Chinook-rich Yukon fishers can thank a sonar glitch for their good fortunes.
Alaska regulators “underestimated” the Yukon River chinook run, causing them to slap unprecedented restrictions on Alaskan subsistence fishers.
As a result, tens of thousands more salmon have crossed the Canadian border than initially predicted.
“Double” the expected number of chinook salmon were counted at the sonar station at Eagle, Alaska—just before the Canadian border, said Russ Holder, Yukon area in-season manager for the US Fish and Wildlife Service.
The extra salmon were greeted with jubilation in the Yukon.
Canadian fishery regulators were able to lift all restrictions on Yukon First Nations, and even allowed a brief commercial and domestic harvest.
It was the first time in three years that Alaska had let enough chinook over the border to satisfy their needs.
But in Alaska, regulators began to realize that something had gone horribly wrong.
“You go, ‘Well, wait a minute. How did more fish make it upriver than were counted down below?” said Holder.
In June, sonar equipment at Pilot Station – just 197 kilometres from the mouth of the Yukon River – was indicating one of the river’s worst-ever runs of chinook salmon.
The run was still bad, but not nearly as bad as the sonar had led regulators to believe.
The misread was due to high water levels, say fishery officials.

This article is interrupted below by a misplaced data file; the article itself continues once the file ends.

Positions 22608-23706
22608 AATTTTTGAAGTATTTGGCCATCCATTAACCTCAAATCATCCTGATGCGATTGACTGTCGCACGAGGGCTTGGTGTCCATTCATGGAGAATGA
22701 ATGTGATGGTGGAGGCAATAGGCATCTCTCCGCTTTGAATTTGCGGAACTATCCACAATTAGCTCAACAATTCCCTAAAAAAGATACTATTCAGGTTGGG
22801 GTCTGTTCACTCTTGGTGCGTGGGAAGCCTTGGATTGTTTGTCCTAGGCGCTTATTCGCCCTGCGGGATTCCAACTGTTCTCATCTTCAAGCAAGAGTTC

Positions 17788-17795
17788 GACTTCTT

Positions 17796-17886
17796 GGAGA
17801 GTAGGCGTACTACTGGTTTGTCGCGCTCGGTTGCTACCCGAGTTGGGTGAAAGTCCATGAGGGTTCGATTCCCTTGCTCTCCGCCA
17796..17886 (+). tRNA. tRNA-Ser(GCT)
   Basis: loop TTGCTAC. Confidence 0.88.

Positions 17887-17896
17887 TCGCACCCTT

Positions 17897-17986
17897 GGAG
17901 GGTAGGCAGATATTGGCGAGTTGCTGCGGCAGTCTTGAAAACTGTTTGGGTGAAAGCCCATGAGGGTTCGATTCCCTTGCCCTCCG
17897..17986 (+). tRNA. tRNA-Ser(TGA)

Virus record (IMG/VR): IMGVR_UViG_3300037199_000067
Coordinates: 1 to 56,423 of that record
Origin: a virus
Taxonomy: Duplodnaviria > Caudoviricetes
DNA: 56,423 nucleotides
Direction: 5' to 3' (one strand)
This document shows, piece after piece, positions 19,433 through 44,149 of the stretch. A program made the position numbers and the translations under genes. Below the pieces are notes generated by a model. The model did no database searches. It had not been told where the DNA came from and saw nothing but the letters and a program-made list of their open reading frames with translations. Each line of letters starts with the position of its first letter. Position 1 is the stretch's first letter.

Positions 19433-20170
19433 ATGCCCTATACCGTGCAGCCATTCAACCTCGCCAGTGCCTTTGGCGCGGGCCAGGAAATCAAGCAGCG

A particularly heavy snow season rendered the Yukon River swollen and cloudy by the time salmon started making their way upstream.
“It is much more difficult to penetrate through the water with all that material in there,” said Holder.
At Eagle, the river is half as wide as at Pilot Station, and silt levels are much lower – allowing a more accurate reading of salmon numbers.
“It’s just a much better location to get a much more accurate number of fish that are passing,” said Holder.
If not for the sonar equipment at Eagle, the glitch would never have been detected.
Eagle didn’t have sonar equipment before 2004. Past glitches at Pilot Station could easily have passed undetected.
“Very possibly, and very likely,” said Holder.
Alaska fishers balked at the early summer restrictions.
Now, they are livid.
“Terrible. Horrible. There’s no word that explains my frustration,” said Tim Andrew, natural resources director for the Alaska-based Association of Village Council Presidents to the Anchorage Daily News.
A poor salmon harvest in 2008 led to a humanitarian crisis in Yukon River villages last winter.
With an even-lower salmon harvest for 2009, Alaska villagers are bracing for the worst.
“We suspect that satisfying a treaty won’t buy any heating oil or food this winter,” read a post on the Alaska Dispatch blog.
Many fishers were hoping to fill their smokehouses with chum salmon from the fall run.
But Pilot Station’s sonar counters are now indicating a record-low run of chum salmon – prompting a new wave of fishing restrictions.
This time, the sonar is on the mark, said Holder.
“The fall chum estimate at Pilot is typically much closer to reality than what often can happen in the spring,” he said.
With lower water levels and less debris, the chances are much lower that equipment is being affected.
Contact Tristin Hopper at